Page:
It is hot cycling north Zanzibar

Zanzibar riding.

Yes, as you ask, riding bikes through the Northern tip of Zanzibar is hot and sweaty work; but it’s mostly fun too.

We set out on bikes that had seen better days but were still a cut above those being used by the locals. Ours had gears, seats, and the occasional brake. It was already hot as we started out but after only a short while we got off the main road and were riding on dirt and in the shade of trees into a small village. As we rode into the village we gathered a comet-tail of young kids smiling and shouting. We were clearly the novelty act for the day. The little kids are very cute; somewhat strangely, the girls all seem to be wearing disheveled party dresses.

The kids are on school holiday at the moment and haven’t started learning English at school really. In the township with the hotels there is so much English about that they all pick some up, but out in the villages that’s not the case. So there was a lot of smiling and shouting ‘jambo’ for hello.


We got off our bikes to walk through a blasted landscape of limestone rocks that looked like you’d imagine the beginning of terraforming on Mars. It took a while to realise that this was in fact a communal field. The villagers subsist on fishing and a little farming. The farming involves scraping a hole, seemingly at random, to plant an individual tuber in and then surrounding the roots with rocks to provide some shade. Then each day the women walk in a jerry-can of water and put a cup onto each of the plants. It’s backbreaking, manual labour that’s barely rewarding.

So you can imagine that having a tourist attraction was seen as a boon to the village. The attraction is two caves that were ‘discovered’ only four years ago. The locals sort of knew they were there but absolutely never ventured into them until one day a young man tried to rescue his dog which had fallen into one of the caves. The young man was unusual both because he was prepared to enter the cave and because he cared for a dog which our guide explained made him very unusual in the Muslim country. Anyway, he realised that the limestone caves had stalagmites and stalactites and a little tourist industry was born.

Now these are not huge towering caves of coloured crystals. They are small, strangely hot, and all white. But there are some lovely limestone curtains and stalactites; and the whole operation is endearing, especially when you realise how impoverished the locals are.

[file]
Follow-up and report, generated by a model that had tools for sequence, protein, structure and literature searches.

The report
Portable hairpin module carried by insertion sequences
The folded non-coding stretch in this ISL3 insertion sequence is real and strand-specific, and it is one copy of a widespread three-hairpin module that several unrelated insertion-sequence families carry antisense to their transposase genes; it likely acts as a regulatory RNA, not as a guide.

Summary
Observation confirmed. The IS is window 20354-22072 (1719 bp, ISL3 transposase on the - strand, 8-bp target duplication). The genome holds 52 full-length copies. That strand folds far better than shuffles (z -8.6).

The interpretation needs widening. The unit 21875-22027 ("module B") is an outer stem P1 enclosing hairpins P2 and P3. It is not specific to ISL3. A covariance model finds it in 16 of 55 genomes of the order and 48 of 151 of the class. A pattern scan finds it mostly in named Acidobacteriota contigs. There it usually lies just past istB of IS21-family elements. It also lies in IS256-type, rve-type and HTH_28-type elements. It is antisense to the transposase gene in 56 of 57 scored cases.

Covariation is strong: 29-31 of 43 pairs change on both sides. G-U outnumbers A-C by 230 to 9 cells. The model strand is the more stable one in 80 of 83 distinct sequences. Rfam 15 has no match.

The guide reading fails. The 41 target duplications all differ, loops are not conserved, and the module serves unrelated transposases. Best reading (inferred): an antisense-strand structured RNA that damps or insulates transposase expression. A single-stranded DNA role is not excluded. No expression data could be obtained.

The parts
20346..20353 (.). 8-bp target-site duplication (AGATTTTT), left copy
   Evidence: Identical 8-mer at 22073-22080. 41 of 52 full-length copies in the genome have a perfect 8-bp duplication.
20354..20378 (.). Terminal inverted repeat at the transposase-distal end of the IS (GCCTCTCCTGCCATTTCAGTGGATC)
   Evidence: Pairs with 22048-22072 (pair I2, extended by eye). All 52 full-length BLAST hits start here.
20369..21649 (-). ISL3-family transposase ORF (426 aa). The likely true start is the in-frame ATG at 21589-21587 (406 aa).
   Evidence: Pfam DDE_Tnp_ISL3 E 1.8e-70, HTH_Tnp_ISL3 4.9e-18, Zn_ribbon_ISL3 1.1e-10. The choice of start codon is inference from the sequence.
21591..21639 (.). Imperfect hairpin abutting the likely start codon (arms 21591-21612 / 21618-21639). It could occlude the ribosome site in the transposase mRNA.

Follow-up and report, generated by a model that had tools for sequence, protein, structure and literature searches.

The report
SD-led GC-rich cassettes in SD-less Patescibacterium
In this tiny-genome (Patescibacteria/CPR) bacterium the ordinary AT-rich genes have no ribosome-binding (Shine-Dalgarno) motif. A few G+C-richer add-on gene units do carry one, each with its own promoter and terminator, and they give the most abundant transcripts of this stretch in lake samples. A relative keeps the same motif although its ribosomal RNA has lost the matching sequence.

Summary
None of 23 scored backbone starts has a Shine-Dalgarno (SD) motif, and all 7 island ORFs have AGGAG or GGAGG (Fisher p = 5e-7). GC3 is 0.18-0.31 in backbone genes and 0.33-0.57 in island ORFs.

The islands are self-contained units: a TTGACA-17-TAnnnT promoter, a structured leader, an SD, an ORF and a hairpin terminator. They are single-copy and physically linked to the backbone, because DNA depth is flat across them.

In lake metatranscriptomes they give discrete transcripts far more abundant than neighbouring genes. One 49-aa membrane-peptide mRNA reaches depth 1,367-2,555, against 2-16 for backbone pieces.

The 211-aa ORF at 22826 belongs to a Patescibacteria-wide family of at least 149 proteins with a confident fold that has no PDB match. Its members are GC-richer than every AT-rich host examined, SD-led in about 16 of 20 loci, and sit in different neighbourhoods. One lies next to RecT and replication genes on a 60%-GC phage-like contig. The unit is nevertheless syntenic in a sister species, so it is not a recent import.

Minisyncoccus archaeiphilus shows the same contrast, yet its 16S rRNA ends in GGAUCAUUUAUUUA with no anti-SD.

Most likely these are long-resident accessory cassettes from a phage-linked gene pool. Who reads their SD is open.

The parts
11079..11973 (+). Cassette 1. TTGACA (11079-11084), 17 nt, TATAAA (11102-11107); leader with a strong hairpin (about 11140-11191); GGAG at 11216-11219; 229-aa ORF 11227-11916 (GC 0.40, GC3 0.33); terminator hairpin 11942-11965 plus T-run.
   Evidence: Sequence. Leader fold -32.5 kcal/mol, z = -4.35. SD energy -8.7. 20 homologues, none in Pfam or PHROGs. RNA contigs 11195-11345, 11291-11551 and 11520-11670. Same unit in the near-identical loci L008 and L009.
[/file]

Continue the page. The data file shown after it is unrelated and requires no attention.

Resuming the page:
We rode on through yet more hordes of children shouting ‘jambo’ and waving wildly. With the occasional one who was obviously paying more attention at school also adding in a loud ‘bye-bye’.

Callum working the bellows.

Our next stop was a blacksmithing village. Under an open-sided rooftop sat several groups of men working around small fires. The smiths we saw were making nails for boat building. The fascinating thing was that everything was recycled. A lot of their tools were car parts and all the metal they were working was re-bar. There was something quite strange to contemplate in the idea that they were re-working discarded re-bar into hand-made nails that would be used in making wooden dhows.

On again with the day heating up and the sweat pouring off of us. Now at this point I was going to make an acerbic comment about the fact that it was terribly noticeable that the women all seemed to be working away while the men pursued a fine line in shade-sitting. That was until I realised that from the outside looking in, that’s pretty much my life. So no acerbic comment. But, just saying.

If we were finding it hot, and we were, I can only imagine how the Portugese in the 16th century felt in the European clothes and without the thought of a pool a cold beer and an air-conditioned room to tempt them onwards. We got some insight when we stopped at the remains of the Portugese trading settlement. It’s amazingly intact, but then it was built with deep thick walls complete with loopholes for guns and huge surrounding walls to keep the natives at bay. The rooms were all internal and there were no windows which presumably helped with the heat. And there is the pool.

In the clear waters of the swimming hole.

The pool is a natural cave that is fed by both salt and fresh water. You clamber down about 20 meters to water so utterly clear that until something splashes it you have absolutely no way to know it is there. I thought I was putting my foot onto the next foothold down and was completely taken by surprise when it hit water. Being so deeply in the shade, the water was lovely and cool and refreshing.

If we could have ended out tour there after a swim and a picnic of fresh fruit that would probably have been a good thing. Unfortunately we then had to ride about 12km back to our starting point. Suffice it to say that, by the time we got back, bits were sore, everything was sweat-soaked, and we were not at our best.

We did summon the energy to explore the local shipyard where they build dhows entirely by hand and, apart from those nails we saw being made earlier, entirely of wood. The Arabs taught them how to do this centuries ago and it has been passed down in families ever since. Like many of these things the skills are fading as the younger generation lacks the will and the patience to shape wood with a hand axe for hours and days and weeks on end.

Anyway for us it was then swimming pool. Milkshakes. Beers. Relief.

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